If anyone has a reason to call 2023 their year, it’s Pheelz.
The Lagos, Nigeria native has put in over a decade of work professionally in music, producing for some of Africa’s top Afrobeat, hip-hop and soul artists. Presiding behind the boards for megastars like Fireboy DML, Olamide, Davido, and many others, he’s also been crafting his own prowess as a front-and-center singer/songwriter.
In March 2022, the 28-year-old, along with Afro-fusion singer BNXN, commercially released “Finesse”, a global mega hit that debuted at No. 1 on Nigeria's Spotify Top 50 chart and peaked at the top of the charts in ten countries, including Dominica, Benin Republic, Cameroon, Gambia, Ghana, Kenya, Liberia, Malawi, Nigeria, Sierra Leone and Uganda.
A month later, the infectious song got the visual treatment as he released a music video that capsulated the song’s relaying of the lavish lifestyle he now lives due to the hard work he put in for so long, particularly for other artists.
Now though, it’s Pheelz’s turn.
In November, he dropped a new video for the remix of his 2022 smash hit, which featured a new verse from the Lagos artist as well as one from French Montana. It’s something Pheelz says he never would have imagined while recording the song via the humblest of means.
“That was an incredible man because making the song in my room in Lagos, me listening to the original recording, I never thought the song was going to get to these heights,” he told BET.com during a recent interview. “I knew it was a banger, like I knew it was going to smack but I had no idea it was going to be on this level. Having French on it was really incredible and I was so excited that I wrote a new verse.”
When it comes to his own music videos, Pheelz says representing himself in the right way is paramount. That especially shines through in visuals like “Electricity” (featuring Davido), the December-released “Ballin’”, and of course, “Finesse” as vibrant colors, lush extravagance, and dancing take center stage.
“I take it very personal. I sit down with the directors and try to interpret my message and make them understand where I'm coming from,” he notes. “It's very important for me to be human, especially when I'm getting to these new heights. It’s easy to take on the persona of a superhero and show the world like you're untouchable or unbreakable, but I always like to be human in my videos and that you can be like me, literally.”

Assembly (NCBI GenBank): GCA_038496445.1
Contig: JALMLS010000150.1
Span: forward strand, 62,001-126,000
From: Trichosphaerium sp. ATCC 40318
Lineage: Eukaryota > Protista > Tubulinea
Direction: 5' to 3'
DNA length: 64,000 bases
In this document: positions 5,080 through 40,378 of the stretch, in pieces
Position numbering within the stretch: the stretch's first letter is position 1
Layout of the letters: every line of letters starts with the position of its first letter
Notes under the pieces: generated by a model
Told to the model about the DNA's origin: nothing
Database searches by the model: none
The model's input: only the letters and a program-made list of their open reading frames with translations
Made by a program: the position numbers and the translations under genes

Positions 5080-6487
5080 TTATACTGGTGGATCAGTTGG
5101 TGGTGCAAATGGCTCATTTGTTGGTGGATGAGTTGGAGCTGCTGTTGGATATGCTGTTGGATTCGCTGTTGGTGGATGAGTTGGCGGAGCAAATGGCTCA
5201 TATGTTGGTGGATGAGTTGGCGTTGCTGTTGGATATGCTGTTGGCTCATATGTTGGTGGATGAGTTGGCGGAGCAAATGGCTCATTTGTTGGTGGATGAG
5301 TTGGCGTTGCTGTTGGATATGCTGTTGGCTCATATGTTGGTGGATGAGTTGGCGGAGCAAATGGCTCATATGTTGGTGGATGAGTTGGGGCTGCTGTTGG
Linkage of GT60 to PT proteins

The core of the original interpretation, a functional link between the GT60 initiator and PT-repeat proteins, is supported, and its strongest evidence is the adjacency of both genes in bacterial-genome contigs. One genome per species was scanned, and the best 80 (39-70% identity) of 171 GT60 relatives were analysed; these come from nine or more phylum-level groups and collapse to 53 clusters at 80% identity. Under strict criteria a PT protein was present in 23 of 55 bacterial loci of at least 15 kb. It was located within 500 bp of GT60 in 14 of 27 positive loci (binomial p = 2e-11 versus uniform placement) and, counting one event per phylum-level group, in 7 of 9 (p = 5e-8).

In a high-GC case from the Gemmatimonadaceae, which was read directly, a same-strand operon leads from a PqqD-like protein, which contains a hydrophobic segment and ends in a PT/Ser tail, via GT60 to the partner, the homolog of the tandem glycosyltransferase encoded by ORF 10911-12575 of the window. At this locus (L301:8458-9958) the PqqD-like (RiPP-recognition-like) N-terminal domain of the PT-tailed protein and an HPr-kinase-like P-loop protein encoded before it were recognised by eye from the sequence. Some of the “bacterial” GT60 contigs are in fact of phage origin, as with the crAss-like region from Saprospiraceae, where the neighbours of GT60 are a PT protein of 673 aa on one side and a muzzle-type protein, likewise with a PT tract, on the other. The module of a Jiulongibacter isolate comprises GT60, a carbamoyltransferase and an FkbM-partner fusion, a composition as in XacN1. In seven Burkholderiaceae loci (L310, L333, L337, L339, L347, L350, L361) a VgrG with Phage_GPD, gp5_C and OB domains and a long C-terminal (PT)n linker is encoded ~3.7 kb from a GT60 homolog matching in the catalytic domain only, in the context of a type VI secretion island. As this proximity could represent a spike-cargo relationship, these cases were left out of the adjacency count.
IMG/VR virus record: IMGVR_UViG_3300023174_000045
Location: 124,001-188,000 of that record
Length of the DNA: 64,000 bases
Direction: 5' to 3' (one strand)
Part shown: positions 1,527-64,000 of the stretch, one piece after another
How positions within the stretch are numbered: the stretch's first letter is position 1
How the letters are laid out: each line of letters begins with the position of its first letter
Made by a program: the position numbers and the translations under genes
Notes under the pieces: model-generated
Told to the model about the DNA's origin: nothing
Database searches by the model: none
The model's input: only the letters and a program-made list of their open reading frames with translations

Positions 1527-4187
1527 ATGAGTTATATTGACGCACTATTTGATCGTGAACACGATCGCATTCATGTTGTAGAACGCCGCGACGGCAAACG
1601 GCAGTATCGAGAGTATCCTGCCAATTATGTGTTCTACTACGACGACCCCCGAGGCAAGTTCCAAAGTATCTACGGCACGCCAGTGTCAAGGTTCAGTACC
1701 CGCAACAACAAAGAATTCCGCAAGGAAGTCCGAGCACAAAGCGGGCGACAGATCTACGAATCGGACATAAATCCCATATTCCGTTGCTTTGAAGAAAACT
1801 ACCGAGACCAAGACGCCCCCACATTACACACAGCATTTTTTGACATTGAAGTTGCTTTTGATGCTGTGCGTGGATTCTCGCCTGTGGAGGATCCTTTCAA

Pheelz says the experiences of being a producer who studied the greats he’s worked with has prepared him for the spotlight he’s now accumulating. He’s hoping to transform that focus into the form of an EP and debut album in 2023.
“I've made so many albums and I've made so many top chatting songs, but right now it's time for the world to know me and my music and I think the album is going to accomplish that,” Pheelz says. “There's a song called ‘Flaws’ on it that's about accepting your flaws and not being perfect. The lyrics say, ‘I cannot pretend I'm not perfect, but I will make my choice / As the day progressed, I don't have regrets I accept my flaws.’ So that's me being completely vulnerable. There's a song called ‘Human’ as well, talking about apologizing to the world for being human.
“I've had people that didn't believe in me as a producer and also as an artist, and I just had to prove them wrong,” he adds. “I also had to prove myself wrong as well because some of this unbelief rubs off on you, especially when it's coming from friends and family.”
With success has also come pressure for Pheelz, especially as Afrobeat grows in popularity globally, including in the United States. With his forthcoming EP, titled Pheelz Good, and LP, many people on the outside will get their first taste of his culture and the lessons it relays.
“I’ve got so many strong messages that I want to integrate and communicate to the people, so many things I want to say about what's going on in my life and around me and in my environment and for the kids on the streets in Africa and Nigeria, and also for the rest of the world,” he describes. “I feel like now that the music space from Africa has the attention from the rest of the world it's important to talk about really important things. And that's what I want the project to be about – just talking about life changing stuff.”
In general, Pheelz says he believes the type of music he makes, as well as that of his peers, is ready for its worldwide commercial close up… And nothing would make him more proud.
“I feel like Nigeria as a whole and Afrobeat as a genre has been ready for this since the days of Fela [Kuti],” he adds. “Now that we are here, I feel like this is the tip of the iceberg because the world doesn't even understand the power that is in Nigeria yet when we talk about creativity and talent and art. So yeah, I feel really grateful to be one of the forerunners of this movement and one of the gatekeepers. It seems like Afrobeat artists are winning Grammys and BET [Awards] and are on charts and around the world literally selling out arenas and stadiums.
“If you visit Lagos these days, you see what I'm talking about. It's a lot of grind and a lot of hustle, but also, we find happiness in the craziest places.”